Yalumba is the oldest family-owned winery in Australia, and prides itself on the history and culture that is associated with its brand. Managing Director Nick Waterman has been with the company for 12 years, and is the first non-family member to be appointed to the position.

Located in the Barossa Valley, the winery was founded 1849 by British immigrant Samuel Smith, who named the property after the local Indigenous word for ‘land all around’. Yalumba is still family owned, with the fifth generation of Smiths now running the winery. It’s been their hard work, Nick says, that has made his job so much easier. “Robert Hill-Smith was the previous CEO, current owner, and now chairman,” Nick says, “and he has done a fantastic job over 30 years to position this business in such a way that it’s on a fairly strong and solid footing.”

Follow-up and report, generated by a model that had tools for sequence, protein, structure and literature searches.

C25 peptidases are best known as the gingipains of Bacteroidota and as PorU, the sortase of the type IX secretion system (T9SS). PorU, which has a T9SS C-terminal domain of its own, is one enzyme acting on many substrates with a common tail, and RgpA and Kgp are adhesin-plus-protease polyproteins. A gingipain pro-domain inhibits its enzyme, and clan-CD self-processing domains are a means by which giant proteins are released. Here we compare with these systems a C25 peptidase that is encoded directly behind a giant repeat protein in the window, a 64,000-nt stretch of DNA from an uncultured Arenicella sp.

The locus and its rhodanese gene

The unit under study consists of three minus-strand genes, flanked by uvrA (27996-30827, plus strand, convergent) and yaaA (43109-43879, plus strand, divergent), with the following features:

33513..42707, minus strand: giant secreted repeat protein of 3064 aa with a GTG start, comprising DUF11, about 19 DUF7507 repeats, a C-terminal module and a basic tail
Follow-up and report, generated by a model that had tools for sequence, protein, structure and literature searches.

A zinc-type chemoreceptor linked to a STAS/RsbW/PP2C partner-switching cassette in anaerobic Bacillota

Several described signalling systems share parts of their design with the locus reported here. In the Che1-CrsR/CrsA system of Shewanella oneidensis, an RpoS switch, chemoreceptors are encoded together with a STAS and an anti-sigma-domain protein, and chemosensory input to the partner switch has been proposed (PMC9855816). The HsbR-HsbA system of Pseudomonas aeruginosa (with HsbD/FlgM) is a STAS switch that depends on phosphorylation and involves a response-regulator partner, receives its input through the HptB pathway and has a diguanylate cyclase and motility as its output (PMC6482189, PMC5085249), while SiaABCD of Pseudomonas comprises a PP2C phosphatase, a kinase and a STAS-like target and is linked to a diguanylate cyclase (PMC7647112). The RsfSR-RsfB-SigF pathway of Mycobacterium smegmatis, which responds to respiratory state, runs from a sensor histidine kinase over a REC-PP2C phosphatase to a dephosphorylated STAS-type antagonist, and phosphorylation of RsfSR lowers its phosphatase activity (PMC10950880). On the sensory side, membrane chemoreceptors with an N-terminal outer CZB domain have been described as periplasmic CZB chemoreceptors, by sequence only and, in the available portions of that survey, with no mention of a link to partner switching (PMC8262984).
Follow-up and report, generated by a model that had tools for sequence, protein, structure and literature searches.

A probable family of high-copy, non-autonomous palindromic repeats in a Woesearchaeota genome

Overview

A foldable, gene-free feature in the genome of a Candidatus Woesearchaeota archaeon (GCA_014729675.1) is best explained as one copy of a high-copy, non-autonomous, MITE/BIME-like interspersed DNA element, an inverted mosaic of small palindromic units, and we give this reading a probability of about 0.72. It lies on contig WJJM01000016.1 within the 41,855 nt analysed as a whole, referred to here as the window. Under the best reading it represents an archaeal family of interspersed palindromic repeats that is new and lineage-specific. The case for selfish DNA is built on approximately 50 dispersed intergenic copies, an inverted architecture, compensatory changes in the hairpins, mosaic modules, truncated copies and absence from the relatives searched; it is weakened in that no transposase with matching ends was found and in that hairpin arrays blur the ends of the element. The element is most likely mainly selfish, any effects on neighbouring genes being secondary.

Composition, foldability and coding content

Nick came to Yalumba in 2003 after two decades in the technology industry. His background meant that he was well equipped to deal with change, something the wine industry had not embraced since the downturn in 2008. “I had 18 years in technology before I joined the wine industry 12 years ago. Those 18 years, where it was all about living with an unbelievable amount of change, have equipped me well to deal with what arguably is a fundamental structural change in the wine industry on a global basis. The past 12 years working for Yalumba have given me the time to get my head around and understand not only the industry and our business but also the culture of this company, which is fairly sacrosanct.”

The culture at Yalumba is, Nick says, a result of the family ownership and the close ties employees feel they have with the company. “Many of the winery’s workers have been with us for a good number of years, making everyone feel like family. I tell everybody here that the culture is a living thing. Sometimes people tend to defer to culture as if it is innate and outside of their control. Culture is what you do every day in your working life, and we are evolving our culture while respecting our heritage.”